How Does Being a Newlywed Affect Personality?
New research into personality changes in newlyweds yields surprising results.
Posted Jun 11, 2018
“Do not seek for the best partner, but seek for the person who makes you a better version of yourself.” Abhijit Naskar
Though we tend to think of personality as something fixed and permanent, it does change over time, often as a result of the various life transitions that occur as we go from being children to taking on adult roles. According to research looking at the social investment principle, personality can change depending on how invested we are in new roles that we take on over time, whether this involves a new career or a new relationship.
And one of the most important of these life transitions occurs when people get married for the first time. For newlyweds in particular, making that shift from single status to a new role as a spouse with all the responsibilities that go with that role can be a sobering experience. As a result, it's hardly surprising that many married couples find the first few months or years of marriage to be fairly rocky as the expectation of wedded bliss giving way to a more realistic view of what married life can mean.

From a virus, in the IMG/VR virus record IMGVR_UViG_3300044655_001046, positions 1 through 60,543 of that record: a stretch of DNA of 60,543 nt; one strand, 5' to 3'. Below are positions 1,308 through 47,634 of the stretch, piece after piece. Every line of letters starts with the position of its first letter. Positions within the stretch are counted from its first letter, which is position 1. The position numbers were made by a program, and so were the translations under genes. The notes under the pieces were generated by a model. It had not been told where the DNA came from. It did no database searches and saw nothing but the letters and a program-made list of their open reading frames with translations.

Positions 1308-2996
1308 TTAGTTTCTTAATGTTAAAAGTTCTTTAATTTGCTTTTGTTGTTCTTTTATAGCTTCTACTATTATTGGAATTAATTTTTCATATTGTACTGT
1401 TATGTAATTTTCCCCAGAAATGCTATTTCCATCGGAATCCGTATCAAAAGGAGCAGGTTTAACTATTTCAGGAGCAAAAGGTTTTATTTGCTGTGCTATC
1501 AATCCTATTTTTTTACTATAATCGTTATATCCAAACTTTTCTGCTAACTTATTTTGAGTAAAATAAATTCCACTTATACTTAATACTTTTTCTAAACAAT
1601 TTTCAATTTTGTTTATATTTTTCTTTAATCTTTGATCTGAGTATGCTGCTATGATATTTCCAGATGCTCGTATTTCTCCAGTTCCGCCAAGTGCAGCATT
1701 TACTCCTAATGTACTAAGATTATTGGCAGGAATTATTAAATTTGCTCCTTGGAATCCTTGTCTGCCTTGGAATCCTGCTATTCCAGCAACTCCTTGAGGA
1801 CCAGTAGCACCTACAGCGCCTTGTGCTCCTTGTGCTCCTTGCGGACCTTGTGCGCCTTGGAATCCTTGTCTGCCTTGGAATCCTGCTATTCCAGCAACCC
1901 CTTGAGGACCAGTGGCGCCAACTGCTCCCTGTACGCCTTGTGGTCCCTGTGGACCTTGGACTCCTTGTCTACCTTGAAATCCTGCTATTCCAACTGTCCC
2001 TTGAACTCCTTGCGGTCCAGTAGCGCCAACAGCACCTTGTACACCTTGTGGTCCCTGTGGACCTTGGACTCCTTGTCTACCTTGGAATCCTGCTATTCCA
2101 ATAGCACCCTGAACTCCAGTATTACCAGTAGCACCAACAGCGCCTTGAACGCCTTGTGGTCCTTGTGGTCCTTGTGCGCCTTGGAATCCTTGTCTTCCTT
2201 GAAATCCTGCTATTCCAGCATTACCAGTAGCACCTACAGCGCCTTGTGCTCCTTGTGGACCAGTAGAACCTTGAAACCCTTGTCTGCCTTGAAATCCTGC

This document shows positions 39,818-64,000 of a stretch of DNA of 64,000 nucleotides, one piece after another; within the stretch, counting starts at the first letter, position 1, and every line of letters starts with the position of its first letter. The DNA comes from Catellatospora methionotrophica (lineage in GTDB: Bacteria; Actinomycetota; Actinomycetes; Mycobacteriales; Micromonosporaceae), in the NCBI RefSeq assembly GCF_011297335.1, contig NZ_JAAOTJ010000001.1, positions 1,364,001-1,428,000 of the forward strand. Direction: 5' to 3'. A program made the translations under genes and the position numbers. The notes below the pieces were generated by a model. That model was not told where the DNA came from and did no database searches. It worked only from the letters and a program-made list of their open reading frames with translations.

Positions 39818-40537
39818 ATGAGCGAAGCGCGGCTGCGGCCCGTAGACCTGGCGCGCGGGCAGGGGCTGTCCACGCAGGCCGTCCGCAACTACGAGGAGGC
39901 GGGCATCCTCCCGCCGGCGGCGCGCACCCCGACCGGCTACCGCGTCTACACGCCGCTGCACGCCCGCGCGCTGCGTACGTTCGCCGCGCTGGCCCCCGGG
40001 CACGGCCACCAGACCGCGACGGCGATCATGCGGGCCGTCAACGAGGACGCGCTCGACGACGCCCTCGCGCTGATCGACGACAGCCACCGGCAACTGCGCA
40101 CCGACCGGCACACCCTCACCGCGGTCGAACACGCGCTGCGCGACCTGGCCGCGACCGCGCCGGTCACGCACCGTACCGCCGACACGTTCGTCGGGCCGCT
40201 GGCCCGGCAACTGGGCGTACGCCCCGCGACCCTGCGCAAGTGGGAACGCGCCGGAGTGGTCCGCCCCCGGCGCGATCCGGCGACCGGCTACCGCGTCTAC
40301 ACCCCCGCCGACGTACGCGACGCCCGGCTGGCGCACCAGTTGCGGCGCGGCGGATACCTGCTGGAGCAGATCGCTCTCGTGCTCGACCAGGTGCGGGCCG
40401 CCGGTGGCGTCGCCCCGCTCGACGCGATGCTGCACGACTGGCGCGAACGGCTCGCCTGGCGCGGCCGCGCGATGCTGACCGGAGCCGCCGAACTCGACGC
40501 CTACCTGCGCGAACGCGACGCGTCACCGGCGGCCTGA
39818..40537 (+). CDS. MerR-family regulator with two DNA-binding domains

To make this new relationship work, men and women often find themselves making compromises and generally changing long-established patterns of thinking and behaving. But do these changes also mean changes in basic personality traits? While numerous studies have already been carried out looking at personality differences between married couples and their single or divorced counterparts, actual research into the kind of personality changes that can occur in the early stages of marriage has been relatively scarce up to now.
About the only consistent finding in the literature on marriage and personality deals with what has been called the "honeymoon-is-over" effect. This suggests that relationship satisfaction is highest during the "honeymoon period" covering the first few years of marriage and that then goes into a decline over time. Since marital satisfaction is also linked to personality traits such as neuroticism, this suggests that personality also changes in couples that become more dissatisfied with their marital situation. Again though, those studies that look at marriage and personality usually focus on fixed personality traits instead of how they might change over time.
But a new research study published in the journal Developmental Psychology may help answer some of the questions surrounding personality changes in marriage and what this might mean for relationship success. A team of researchers led by Justin Lavner of the University of Georgia examined 169 heterosexual newlywed couples who agreed to participate in the study. All participants were residents of northern Florida (the average age for males was 25.6 years and 23.4 years for females).